In the year since the European Union imposed sanctions on Cambodia, the Southeast Asian country has turned to China to blunt the economic impact, deepening its dependence on its main patron.
Brussels last August partially revoked the largely duty-free market access that Phnom Penh had enjoyed since 2001, citing human rights abuses including a crackdown on political opposition. The move reimposed standard tariffs on products amounting to about 20% of Cambodia’s exports to the bloc, including travel goods, some apparel and sugar.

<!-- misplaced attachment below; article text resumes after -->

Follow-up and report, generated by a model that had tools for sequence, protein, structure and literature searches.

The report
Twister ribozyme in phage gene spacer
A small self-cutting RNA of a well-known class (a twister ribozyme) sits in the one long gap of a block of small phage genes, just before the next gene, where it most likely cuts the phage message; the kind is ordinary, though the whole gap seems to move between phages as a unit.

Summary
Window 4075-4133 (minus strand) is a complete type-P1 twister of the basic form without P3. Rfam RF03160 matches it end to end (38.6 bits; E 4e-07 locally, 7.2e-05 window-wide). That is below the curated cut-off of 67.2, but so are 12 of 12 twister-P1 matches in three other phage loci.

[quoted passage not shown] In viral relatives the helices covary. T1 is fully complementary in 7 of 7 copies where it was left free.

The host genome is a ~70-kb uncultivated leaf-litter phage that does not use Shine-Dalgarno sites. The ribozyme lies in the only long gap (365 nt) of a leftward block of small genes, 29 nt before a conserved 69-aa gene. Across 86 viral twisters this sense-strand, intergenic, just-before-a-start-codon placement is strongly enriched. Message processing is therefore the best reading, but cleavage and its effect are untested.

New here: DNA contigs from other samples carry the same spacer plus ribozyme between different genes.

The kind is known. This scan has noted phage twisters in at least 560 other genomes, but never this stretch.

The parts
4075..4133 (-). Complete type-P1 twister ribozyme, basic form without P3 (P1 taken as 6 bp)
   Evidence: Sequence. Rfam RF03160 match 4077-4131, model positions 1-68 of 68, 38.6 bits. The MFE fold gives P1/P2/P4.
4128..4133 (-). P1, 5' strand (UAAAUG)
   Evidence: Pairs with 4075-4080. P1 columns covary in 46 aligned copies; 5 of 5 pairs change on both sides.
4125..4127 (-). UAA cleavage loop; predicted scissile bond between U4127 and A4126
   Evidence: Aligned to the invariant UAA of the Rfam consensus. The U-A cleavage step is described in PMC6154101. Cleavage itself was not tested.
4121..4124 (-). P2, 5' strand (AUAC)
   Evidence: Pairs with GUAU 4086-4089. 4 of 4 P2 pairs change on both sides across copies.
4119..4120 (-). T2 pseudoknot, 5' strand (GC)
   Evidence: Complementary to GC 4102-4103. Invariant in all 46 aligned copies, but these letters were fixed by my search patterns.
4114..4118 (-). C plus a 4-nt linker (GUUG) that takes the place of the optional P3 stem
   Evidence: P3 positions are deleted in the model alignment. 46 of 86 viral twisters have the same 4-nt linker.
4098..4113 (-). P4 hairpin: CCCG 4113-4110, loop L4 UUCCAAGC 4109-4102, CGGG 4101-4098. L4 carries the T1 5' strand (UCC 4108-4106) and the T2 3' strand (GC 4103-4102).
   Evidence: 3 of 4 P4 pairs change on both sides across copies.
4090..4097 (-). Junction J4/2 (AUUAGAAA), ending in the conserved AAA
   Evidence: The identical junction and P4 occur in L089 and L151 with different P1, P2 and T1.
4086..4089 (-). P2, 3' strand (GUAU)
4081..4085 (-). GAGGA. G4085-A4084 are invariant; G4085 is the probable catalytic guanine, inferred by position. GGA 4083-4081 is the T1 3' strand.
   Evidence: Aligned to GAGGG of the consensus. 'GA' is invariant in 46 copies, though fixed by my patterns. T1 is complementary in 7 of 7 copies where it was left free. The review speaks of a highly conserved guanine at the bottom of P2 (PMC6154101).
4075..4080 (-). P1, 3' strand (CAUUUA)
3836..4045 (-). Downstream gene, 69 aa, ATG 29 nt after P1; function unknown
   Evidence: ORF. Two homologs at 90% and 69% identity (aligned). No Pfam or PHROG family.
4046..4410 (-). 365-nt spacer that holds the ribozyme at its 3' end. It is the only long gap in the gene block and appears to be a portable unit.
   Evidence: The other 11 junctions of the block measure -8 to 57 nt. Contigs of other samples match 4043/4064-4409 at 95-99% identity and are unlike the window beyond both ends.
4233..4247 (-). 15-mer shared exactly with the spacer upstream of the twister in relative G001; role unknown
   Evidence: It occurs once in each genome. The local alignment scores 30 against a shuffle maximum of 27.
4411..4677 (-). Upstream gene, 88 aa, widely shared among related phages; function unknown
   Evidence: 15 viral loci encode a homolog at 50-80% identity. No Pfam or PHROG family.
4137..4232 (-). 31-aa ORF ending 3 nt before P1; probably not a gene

But while the measure did cut into Cambodia’s exports to one of its largest markets, growing trade with China has helped Prime Minister Hun Sen shrug off the EU’s demands, underscoring the uphill battle Western countries face in promoting their values.
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